During the Haiti coup of the early 1990s, the lines were unusually clear. On one side were the junta leaders and their supporters. There were the people who backed deposed president Jean-Bertrand Aristide. And then there were those who only cared for stability and ongoing profits.
It was also clear to many reporters and aid workers that the coup leaders would do almost anything to avoid pushing the United States to intervene. Meanwhile, the Aristide supporters were desperate to have the U.S. forces come in, take out the coup leaders and restore the elected president.
Thus arose a curious situation. Journalists had little legitimate fear of being kidnapped or targeted by the junta, understanding that if a high profile journalist or aid worker was killed it would push the reluctant Clinton administration to act. That was the last thing the junta leaders wanted, and they understood that dynamic quite well. However, there was a genuine concern that the other side would do just that – target a high-profile American – but make it look like it was the act of the junta. The end result would be what they wanted – a U.S. intervention – even if the price was killing a U.S. journalist.
That Alice in Wonderland equation, thankfully, never unfurled. Yet it pops back into mind when one looks at reports of chemical weapons use in Syria, and more broadly, what all the various players and observers want. As I challenge my students to ask, what are the motives? Then, what do you do to achieve your goal?
There seems to be little uncertainty that some form of poisonous gas was used in Syria. So that leaves us with the motive and goal equation.
A nation and world already suckered into Iraq by proof of weapons that did not exist is rightfully skeptical. Many others ask, what is the difference of some persons killed by gas while hundreds of thousands others are killed by bullets with no intervention? These are fair points for discussion.
Why would Syrian dictator Bashar Assad do something that could trigger a U.S. military action? It's illogical on the surface. Yet absolute rulers at all levels tend to think the normal rules do not apply to them.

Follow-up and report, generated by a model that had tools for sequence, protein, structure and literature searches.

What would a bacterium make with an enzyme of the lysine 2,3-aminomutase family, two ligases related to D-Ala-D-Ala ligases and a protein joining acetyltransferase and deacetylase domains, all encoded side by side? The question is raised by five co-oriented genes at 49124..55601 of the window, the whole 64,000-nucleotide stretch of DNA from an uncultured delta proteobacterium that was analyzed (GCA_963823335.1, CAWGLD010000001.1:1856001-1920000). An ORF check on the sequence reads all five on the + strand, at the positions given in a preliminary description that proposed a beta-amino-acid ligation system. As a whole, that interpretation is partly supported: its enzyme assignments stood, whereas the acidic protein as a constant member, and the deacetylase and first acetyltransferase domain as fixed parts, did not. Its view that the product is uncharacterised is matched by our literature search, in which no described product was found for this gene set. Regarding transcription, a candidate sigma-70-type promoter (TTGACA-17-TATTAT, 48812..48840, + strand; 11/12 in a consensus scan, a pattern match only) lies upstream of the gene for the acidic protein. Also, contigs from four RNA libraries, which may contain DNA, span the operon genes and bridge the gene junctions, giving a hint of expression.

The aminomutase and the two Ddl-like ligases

Why did the Obama administration announce what it would and would not do instead of keeping Assad guessing? The warning was issued months ago – was that not enough time to develop a plan that would have impact and still help the White House have the illusion of not trying to tip the scale? (Think the Israeli raid on the Entebbe airport in 1976.)
Who benefits from using poison gas, and who benefits from a U.S. attack? Who benefits if there is no U.S. attack?
Defense Secretary Chuck Hagel said the objective is "to hold the Assad regime accountable, degrade its ability to carry out these kinds of attacks, and deter the regime from further use of chemical weapons." Will this action do that? So far, no one has really shown or said how.
Those are the practical questions. Then there are the moral ones. Secretary of State John Kerry has vividly made that case, even while other answers are less clear.
Last week Kerry called the attack a "crime against conscience," adding that the U.S. had a moral obligation to punish Syria for using chemical weapons while painting a ghastly portrait of twitching bodies, victims foaming at the mouth and row upon row of children gassed to death.
This week, the same. It is "a red line that anyone with a conscience ought to draw," Kerry said. "History holds nothing but infamy for those criminals, and I think you know that history also holds very little sympathy for their enablers."
One of the grimmest of my many grim memories was seeing the bloated bleached bodies of dead Rwandans bobbing in the river as we crossed a bridge in Rwanda after that slaughter. No one helped. The world cannot stop all of it, but it should try when they can. Man is too cruel to let go unchecked.
As Marisa Fox recently wrote, silence is not golden.
U.S. and world history is full of examples of intervention and non-intervention, depending on the mood and the moment. Rwanda is a glaring example of non-intervention, although, again, what and how to intervene was never even broached. The U.S. failure to bomb rail lines transporting Jews to their deaths in Nazi Germany is another example. And each day, in places like Zimbabwe, despots enact cruelty on their people.
Should you limit yourself to just a kind of incremental retaliation that doesn't serve any strategic purpose? Does that make the bully worse? After all, it is war. There has to be a strategic motivation behind the moral one.
In the class I teach, we talk of someone being either "wiley" or a "jagoff," using their head in a times of emotional pulls and challenge. The president is at one of those checkpoints in life; they are always tricky and dangerous. Wiley is the recommendation.
Tom Squitieri is a college professor and award-winning foreign correspondent. He also writes for the Foreign Policy Association. You can follow him on Twitter @TomSquitieri.